The signing of Nick Young by the Lakers this summer was quizzical to say the least. With needs far more obvious and glaring elsewhere, most notably at small forward, Young filled none of those needs. Last season, Young spent just 3% of the total 76ers minutes at small forward. Despite spending more time at the small forward position in past seasons, it’s not his natural position. With Kobe Bryant, Jodie Meeks, Steve Blake, and Steve Nash already at the guards positions, bringing in Young seemed to make little sense.
On the other hand, Young agreed to come to Los Angeles on a huge discount just to play for the Lakers. When a player of his caliber comes to you willing to take a discount, it’s hard to say no. And Young can provide lots of scoring, whether it be off the bench or in the starting lineup. For quite possibly the first time in his career, Bryant won’t be seen as the lone perimeter scorer. There are surely to be some issues (and death stares) with Young’s shot selection, which he happily brings upon himself. Defining what role Young will have with the Lakers is a little harder, however.
To get an idea of what to expect from Nick Young, we must first look at what his predecessor’s, Metta World Peace in this case, role was in the offense. Lakers fans will certainly remember MWP’s three-point struggles, shooting 34.2% from three last year. At times, even that seemed like an unrealistically high figure. 413 of MWP’s shots last year were from three-point land, with 410 coming from beyond the line. Of the 413 threes, 161 of those were from the corner, his second most common three point attempted. While Artest shot 37.8% from that area, it still wasn’t a very efficient amount. Even more, 96.8% of his corner threes were assisted, while 82.3% of his threes above the “break” were assisted. To put it plainly, MWP did not create many scoring opportunities for himself.
Still, regardless if MWP was assisted or not, he did not score at an efficient level in any way, shape, or form. When looking at his shot chart, only three areas are green, signifying “hot zones.” Those three zones comprise of just 50 field goal attempts of his 824 total shots attempted.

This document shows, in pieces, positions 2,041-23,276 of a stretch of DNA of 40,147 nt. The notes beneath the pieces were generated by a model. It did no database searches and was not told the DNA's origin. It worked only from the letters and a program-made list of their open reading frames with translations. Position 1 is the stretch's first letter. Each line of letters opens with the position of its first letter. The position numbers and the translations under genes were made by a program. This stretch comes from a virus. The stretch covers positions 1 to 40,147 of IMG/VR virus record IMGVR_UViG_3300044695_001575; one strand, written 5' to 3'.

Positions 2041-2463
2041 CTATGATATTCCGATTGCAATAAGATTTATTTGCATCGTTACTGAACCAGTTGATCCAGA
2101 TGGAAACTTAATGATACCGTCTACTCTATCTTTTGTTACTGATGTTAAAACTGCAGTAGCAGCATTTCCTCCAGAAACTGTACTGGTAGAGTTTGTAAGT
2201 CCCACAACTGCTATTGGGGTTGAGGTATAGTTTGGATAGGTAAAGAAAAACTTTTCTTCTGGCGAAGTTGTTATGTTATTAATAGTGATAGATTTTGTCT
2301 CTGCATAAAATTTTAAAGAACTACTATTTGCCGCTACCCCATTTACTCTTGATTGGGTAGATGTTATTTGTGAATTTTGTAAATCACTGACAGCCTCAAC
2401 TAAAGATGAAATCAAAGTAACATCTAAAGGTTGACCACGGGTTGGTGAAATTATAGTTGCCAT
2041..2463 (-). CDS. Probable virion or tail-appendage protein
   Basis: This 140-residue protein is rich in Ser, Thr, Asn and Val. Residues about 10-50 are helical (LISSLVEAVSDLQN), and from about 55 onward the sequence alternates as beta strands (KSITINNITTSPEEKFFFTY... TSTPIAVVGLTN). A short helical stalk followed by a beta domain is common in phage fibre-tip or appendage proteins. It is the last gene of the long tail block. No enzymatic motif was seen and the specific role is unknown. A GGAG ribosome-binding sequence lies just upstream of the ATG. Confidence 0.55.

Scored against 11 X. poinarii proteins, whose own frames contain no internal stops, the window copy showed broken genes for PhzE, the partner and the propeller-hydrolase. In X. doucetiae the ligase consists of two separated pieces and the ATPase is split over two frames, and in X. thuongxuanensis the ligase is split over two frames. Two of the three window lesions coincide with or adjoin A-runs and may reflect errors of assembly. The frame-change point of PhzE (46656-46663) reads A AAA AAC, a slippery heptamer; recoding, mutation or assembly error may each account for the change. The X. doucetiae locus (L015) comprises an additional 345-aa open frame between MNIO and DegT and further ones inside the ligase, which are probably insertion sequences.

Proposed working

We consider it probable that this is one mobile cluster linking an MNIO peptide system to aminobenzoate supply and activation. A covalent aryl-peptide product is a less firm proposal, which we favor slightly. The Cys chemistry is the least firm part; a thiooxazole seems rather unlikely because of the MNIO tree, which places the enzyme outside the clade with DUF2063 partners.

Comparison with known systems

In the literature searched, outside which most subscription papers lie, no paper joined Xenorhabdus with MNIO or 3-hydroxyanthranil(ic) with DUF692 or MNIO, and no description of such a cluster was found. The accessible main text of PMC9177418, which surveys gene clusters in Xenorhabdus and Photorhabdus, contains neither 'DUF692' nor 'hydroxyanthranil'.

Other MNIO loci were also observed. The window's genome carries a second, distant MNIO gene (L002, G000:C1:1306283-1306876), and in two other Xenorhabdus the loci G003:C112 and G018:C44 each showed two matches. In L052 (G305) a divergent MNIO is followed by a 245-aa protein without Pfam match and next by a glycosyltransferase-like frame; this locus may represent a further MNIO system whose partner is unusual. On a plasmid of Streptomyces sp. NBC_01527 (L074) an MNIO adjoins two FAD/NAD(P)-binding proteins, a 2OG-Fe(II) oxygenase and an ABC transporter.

The scariest part? This season was MWP’s best season in Los Angeles in terms of points per game, rebounds, and just slightly worse field goal percentage and three-point percentage. While we may have loved MWP for his antics both on and off the court, the Lakers needed an upgrade at the position.
Enter Nick Young. Young certainly has a different skill set than MWP, but will be put into the same role. First, we can look at how and where Young shot last season with his shot chart.
In total, Young chucked up 542 field goals, his second fewest of his career. While he was injured, his 9.2 shots per game ranked as his third highest amount and fewer shots on average than MWP’s 11.0 attempts a game. If you take a look at his shot chart, however, his shots didn’t come from the same areas as MWP. If you take a look at World Peace’s chart, he was mediocre all over the court save for near the rim/paint. Young, however, was very hit or miss, struggling from the corners and mid-range, but exceeding at the rim and from the three above the “break”.
This isn’t where the differences stop. Young was assisted on just 155 of his shots last year, over 60 less than MWP. Of MWP’s unassisted shots, 68.7% came at the rim, showing his preference for close to the basket, physical style of play. For Young, only 27% of his unassisted shots came at the rim, with the rest spread out in the mid-range area. This doesn’t tell us anything we didn’t know, further proving he’s a shooter who excels at taking mid-range shots.
What does this mean for his time in LA? Well, as been said before, Young gives the Lakers an option that they haven’t had in the Kobe Bryant era: another play-making perimeter scorer. He’ll certainly still get shots as a spot-up shooter, but Young was just 35.3% as a spot-up three-point shooter, which is only small percentage points better than World Peace’s 34.9%. But Young shot an efficient 46.9% on isolation players last year, far better than MWP’s 34.5% clip.
In the end, it’s evident the Lakers are getting a totally different player than MWP. Young is more of a ball-dominant player who can create his own shot, two traits that do not describe World Peace. In a year where the Lakers will need other players to replace Bryant’s scoring load early, Young makes perfect sense as a signing. He can replicate Bryant’s play style (for better or worse) while giving the Lakers another scoring option when Bryant returns. Now whether Bryant and Young mesh together offensively is an entirely different article, and one I’m sure we’ll have to address in the future.